the server – but you don’t need to know the language, you use XML to
create your testing scenarios.
9. PushToTest TestMaker
PushToTest TestMaker is a free, open-source platform for
testing scalability and performance of applications. It has an
intuitive graphical user interface with visual reporting and analytical
tools. It has a Resource Monitor feature to help you see CPU, memory,
and network utilization during testing. The reporting features let you
generate graphs or export data into a spreadsheet application for
record-keeping or further statistics analysis.
10. Wbox HTTP testing tool
Wbox is a simple, free HTTP testing software released under
the GPL (v2). It supports Linux, Windows, and MacOS X systems. It works
by making sequential requests at desired intervals for stress-testing.
It has an HTTP compression command so that you can analyze data about
your server’s file compression. If you’ve just set up a virtual domain,
Wbox HTTP testing tool also comes with a command for you to test if
everything’s in order before deployment.
WebLOAD is an open-source, professional grade stress/load
testing suite for web applications. WebLOAD allows testers to perform
monitoring, recording, and analysis purposes, using client-side data to
analyze performance. It’s not just a performance tool – it comes with
authoring and debugging features built in.
DBMonster is an open-source application to help you tune
database structures and table indexes, as well as conduct tests to
determine performance under high database load. It’ll help you see how
well your database/s will scale by using automated generation of test
data. It supports many databases such as MySQL, PostgreSQL, Oracle,
MSSQL and (probably) any database that supports the JDBC driver.
13. OctaGate SiteTimer
The OctaGate SiteTimer is a simple utility for determining
the time it takes to download everything on a web page. It gives you a
visualization of the duration of each state during the download process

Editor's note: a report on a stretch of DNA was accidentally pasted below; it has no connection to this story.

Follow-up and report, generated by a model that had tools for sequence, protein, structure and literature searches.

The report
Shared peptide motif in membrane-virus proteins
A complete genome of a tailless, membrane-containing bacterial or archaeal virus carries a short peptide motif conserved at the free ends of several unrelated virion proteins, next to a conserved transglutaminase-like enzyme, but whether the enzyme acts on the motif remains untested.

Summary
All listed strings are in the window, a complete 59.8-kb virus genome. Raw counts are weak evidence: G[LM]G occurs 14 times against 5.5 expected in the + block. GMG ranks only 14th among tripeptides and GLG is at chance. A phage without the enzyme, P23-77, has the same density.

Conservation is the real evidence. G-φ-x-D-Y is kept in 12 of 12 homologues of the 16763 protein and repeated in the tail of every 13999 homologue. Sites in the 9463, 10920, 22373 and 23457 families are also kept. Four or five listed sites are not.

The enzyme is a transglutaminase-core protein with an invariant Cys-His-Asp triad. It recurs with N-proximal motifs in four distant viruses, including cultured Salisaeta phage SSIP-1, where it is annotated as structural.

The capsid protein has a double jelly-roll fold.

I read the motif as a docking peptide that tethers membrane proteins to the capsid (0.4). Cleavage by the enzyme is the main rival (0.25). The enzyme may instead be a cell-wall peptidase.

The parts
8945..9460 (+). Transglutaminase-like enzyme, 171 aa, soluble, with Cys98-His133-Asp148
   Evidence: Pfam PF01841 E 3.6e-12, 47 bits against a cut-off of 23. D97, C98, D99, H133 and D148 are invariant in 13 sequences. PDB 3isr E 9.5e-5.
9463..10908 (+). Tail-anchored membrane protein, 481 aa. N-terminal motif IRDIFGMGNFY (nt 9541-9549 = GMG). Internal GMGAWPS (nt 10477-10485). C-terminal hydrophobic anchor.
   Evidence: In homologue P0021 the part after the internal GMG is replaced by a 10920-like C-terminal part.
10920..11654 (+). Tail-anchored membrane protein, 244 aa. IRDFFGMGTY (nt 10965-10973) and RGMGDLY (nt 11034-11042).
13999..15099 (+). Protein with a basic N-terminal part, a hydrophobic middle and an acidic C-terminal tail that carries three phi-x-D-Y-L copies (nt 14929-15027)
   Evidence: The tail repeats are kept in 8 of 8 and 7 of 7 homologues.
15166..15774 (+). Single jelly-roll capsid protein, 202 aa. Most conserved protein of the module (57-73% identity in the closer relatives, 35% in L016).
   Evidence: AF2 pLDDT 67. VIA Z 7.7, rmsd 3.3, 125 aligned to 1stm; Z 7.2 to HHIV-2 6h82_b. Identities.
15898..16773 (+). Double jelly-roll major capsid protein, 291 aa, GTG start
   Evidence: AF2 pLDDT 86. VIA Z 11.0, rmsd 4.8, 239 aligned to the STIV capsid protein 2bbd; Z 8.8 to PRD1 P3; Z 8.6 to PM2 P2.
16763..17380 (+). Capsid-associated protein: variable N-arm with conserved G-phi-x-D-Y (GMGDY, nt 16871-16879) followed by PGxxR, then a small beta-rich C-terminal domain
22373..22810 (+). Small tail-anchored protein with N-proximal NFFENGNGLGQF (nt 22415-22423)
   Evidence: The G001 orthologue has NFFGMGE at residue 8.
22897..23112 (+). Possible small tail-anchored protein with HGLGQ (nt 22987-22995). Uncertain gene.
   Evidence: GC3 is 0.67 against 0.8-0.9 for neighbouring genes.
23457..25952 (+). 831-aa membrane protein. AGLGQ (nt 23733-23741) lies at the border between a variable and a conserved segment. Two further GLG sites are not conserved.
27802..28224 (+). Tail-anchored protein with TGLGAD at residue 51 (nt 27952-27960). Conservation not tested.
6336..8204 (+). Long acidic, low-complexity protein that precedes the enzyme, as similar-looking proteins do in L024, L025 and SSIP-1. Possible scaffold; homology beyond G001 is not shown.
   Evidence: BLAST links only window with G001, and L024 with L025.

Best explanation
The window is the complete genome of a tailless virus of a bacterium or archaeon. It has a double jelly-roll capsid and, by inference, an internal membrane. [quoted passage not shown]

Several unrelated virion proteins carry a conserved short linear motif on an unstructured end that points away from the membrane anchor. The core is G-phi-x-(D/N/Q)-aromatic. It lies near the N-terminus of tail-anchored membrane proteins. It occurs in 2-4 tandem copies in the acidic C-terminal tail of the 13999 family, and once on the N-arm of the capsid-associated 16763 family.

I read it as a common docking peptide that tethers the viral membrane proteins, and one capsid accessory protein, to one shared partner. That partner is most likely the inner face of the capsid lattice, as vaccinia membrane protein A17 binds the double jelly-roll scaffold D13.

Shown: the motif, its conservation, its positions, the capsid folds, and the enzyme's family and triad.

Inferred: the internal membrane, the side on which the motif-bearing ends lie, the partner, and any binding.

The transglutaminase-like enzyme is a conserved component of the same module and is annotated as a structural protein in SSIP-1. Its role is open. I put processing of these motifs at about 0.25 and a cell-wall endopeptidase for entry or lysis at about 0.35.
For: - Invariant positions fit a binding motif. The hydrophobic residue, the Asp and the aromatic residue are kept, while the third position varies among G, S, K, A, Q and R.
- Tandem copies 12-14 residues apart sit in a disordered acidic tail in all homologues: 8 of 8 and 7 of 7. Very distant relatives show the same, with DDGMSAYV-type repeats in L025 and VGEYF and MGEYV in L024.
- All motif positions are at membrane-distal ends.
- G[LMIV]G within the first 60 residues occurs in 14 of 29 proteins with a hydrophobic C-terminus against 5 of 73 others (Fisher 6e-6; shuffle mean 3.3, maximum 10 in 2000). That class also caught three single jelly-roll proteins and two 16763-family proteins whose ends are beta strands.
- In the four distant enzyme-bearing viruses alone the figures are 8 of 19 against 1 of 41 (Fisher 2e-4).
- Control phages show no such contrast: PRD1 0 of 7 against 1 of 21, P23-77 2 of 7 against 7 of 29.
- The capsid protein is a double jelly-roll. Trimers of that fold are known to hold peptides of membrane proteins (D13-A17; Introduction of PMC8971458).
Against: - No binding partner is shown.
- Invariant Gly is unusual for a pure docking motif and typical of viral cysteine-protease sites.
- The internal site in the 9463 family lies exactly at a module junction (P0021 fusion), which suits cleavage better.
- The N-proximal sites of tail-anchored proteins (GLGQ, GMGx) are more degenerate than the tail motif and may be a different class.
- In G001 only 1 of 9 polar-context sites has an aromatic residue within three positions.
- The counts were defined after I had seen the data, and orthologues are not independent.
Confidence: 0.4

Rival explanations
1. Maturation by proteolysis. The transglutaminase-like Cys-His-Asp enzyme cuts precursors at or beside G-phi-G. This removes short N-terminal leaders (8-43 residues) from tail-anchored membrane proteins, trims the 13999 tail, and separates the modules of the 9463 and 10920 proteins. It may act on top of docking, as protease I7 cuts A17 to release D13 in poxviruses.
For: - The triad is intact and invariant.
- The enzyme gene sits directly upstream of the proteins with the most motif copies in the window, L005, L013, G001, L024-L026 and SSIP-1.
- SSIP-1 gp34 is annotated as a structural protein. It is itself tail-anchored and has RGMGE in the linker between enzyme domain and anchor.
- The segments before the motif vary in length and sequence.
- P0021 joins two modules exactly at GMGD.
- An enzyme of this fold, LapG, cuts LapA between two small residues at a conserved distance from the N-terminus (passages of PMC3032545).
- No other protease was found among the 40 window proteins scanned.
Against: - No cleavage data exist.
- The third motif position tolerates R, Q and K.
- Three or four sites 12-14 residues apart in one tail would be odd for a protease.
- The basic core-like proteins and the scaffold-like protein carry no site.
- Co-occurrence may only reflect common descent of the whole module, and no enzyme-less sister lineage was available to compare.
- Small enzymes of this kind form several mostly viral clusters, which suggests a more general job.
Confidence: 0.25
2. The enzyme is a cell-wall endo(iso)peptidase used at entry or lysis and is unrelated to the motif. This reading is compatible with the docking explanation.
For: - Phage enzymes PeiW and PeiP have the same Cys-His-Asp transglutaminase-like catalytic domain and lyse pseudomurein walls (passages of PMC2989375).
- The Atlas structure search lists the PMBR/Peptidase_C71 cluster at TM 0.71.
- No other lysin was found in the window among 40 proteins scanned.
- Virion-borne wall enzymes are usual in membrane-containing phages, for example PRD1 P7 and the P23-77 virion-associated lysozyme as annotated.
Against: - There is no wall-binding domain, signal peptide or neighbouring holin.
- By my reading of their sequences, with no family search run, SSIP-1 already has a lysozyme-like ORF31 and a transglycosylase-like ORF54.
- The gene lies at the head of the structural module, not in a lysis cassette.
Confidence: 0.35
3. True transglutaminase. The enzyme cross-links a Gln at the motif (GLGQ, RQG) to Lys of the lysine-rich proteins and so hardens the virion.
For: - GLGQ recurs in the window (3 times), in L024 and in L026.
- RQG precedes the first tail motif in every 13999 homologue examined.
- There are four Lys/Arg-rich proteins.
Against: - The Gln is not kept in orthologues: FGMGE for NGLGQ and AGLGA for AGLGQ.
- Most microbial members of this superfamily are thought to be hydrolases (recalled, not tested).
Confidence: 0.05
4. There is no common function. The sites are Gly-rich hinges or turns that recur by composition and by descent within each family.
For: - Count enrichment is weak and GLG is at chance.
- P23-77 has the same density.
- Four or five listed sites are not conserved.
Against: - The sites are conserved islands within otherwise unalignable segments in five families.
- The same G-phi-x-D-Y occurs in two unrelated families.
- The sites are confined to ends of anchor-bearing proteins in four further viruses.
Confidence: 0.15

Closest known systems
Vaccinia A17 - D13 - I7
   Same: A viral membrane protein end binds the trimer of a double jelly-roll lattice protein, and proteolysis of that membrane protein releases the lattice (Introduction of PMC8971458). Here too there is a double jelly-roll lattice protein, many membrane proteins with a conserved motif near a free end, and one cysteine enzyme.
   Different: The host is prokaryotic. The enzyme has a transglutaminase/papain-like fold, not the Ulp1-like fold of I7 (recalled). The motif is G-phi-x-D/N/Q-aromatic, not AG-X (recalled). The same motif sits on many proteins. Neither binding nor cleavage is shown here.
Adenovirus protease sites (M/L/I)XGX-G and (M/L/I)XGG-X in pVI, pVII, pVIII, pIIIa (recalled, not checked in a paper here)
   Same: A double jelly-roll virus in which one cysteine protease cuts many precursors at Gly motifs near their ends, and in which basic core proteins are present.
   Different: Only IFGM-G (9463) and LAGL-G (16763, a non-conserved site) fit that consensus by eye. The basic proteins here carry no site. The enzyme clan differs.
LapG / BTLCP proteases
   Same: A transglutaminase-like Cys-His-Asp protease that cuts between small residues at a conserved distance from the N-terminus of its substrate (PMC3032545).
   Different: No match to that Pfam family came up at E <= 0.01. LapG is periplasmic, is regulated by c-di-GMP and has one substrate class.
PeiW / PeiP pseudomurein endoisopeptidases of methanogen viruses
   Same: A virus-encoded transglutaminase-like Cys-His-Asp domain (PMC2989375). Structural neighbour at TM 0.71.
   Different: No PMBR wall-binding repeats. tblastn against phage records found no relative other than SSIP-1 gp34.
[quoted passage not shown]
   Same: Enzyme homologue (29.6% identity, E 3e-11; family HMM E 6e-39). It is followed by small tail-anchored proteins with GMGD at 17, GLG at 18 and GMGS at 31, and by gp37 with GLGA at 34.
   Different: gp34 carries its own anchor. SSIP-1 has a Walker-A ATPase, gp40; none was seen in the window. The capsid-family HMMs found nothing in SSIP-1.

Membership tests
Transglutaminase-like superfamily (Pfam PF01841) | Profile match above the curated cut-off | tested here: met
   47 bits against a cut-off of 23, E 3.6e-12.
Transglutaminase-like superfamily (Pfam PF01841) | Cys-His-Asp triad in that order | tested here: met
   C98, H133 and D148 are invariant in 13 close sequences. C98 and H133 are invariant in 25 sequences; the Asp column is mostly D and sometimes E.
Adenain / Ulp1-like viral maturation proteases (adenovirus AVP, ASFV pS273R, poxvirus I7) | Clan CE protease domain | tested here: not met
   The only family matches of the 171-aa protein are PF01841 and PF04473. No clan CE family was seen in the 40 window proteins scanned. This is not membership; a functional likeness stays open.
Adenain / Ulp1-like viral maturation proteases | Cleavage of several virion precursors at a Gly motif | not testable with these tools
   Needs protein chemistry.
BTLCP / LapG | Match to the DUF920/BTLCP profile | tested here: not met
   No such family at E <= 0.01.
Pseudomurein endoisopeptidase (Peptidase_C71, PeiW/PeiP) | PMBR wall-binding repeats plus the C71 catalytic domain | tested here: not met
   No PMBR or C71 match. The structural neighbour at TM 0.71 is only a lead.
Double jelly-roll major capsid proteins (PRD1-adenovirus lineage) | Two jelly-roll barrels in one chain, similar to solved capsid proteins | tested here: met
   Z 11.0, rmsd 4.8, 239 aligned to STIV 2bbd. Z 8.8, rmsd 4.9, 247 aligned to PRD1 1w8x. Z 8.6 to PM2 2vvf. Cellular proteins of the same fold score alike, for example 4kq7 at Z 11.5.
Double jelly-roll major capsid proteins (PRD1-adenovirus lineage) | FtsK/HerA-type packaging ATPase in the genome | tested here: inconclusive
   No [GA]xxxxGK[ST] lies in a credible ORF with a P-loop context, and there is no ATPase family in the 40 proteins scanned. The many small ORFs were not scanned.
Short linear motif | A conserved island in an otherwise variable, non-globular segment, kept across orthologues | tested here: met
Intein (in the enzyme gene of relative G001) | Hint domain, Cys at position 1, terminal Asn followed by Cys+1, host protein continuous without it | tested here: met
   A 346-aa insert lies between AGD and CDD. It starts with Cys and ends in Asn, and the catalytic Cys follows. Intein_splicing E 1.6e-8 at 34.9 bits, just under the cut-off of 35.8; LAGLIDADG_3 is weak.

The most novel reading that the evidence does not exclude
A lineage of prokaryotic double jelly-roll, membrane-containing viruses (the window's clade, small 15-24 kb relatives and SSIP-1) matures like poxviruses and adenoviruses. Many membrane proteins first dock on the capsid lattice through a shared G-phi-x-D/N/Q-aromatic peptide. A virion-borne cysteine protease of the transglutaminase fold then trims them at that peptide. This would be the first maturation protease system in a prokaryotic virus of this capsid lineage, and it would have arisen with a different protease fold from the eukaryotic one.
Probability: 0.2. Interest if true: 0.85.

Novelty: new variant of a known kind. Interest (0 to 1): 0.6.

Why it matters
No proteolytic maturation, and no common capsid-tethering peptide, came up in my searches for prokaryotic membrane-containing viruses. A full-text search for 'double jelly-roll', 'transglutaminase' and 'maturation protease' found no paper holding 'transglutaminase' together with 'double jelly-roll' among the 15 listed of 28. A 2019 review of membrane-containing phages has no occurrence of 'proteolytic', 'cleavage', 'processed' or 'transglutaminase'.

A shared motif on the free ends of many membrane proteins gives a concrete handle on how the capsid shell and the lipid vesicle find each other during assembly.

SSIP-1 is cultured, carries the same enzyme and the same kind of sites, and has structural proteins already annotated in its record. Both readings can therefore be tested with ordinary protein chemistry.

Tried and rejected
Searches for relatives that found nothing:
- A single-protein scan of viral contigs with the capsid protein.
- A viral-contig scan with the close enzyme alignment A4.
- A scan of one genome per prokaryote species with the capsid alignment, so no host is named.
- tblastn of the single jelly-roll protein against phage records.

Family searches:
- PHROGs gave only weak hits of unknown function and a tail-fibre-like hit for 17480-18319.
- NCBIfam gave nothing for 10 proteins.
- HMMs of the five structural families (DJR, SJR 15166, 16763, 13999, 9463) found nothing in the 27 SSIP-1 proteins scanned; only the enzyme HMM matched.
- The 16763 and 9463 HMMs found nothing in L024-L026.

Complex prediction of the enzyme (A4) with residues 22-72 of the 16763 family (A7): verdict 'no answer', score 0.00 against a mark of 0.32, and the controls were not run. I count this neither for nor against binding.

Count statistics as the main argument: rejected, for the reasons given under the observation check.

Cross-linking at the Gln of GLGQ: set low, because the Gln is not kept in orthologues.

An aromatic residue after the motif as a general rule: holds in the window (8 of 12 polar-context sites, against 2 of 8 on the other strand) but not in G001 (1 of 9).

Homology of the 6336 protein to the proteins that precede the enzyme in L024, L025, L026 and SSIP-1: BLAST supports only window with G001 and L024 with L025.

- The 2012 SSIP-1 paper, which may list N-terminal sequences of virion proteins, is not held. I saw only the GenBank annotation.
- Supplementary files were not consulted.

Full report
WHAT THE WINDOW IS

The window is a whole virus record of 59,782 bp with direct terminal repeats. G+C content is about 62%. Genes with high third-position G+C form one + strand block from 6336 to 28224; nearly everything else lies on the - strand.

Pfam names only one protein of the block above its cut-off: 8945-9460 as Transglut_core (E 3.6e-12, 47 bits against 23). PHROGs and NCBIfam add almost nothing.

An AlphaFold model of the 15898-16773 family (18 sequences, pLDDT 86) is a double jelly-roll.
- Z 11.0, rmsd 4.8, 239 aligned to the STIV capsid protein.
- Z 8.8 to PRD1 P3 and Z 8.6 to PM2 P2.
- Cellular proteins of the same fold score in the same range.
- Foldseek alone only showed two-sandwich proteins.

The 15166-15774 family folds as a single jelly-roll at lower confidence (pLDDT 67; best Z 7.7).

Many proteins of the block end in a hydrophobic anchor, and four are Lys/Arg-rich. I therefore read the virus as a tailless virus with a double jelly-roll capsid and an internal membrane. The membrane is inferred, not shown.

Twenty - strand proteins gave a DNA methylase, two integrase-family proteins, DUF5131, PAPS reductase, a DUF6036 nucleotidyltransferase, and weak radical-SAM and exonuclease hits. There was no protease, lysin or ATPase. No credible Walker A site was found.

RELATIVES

(initial request, connection, start of download, and end of download).
14. Web Page Analyzer
The Web Page Analyzer is an extremely simple, web-based
test to help you gain information on web page performance. It gives you
data about the total number of HTTP requests, total page weight, your
objects’ sizes, and more. It tries to estimate the download time of
your web page on different internet connections and it also enumerates
each page object for you. At the end, it provides you with an analysis
and recommendation of the web page tested – use your own judgment in
interpreting the information.
Site-Perf.com is a free web-based service that gives you
information about your site’s loading speed. With Site-Perf.com’s tool,
you get real-time capturing of data. It can help you spot bottlenecks,
find page errors, gather server data, and more – all without having to
install an application or register for an account.
More Tools and Related Resources
- Apache JMeter
a Java-based desktop application for performance testing Apache servers.
- The Grinder
an open-source load testing framework that intends to make automated tests simpler.
yet another excellent open-source load testing tool for web applications.
- “Optimizing Page Load Time”
an article on improving page load time.
- “What the 80/20 Rule Tells Us about Reducing HTTP Requests”
a blog post on the YUI blog explaining the precedence of front-end performance for optimal response times.
If you have a favorite web performance tool that wasn’t on the list,
share it in the comments. Would also like to hear your experiences,
tips, suggestions, and resources you use.
And if you’re interested in analyzing the effectiveness of a web page design, be sure to check out 7 Incredibly Useful Tools for Evaluating a Web Design.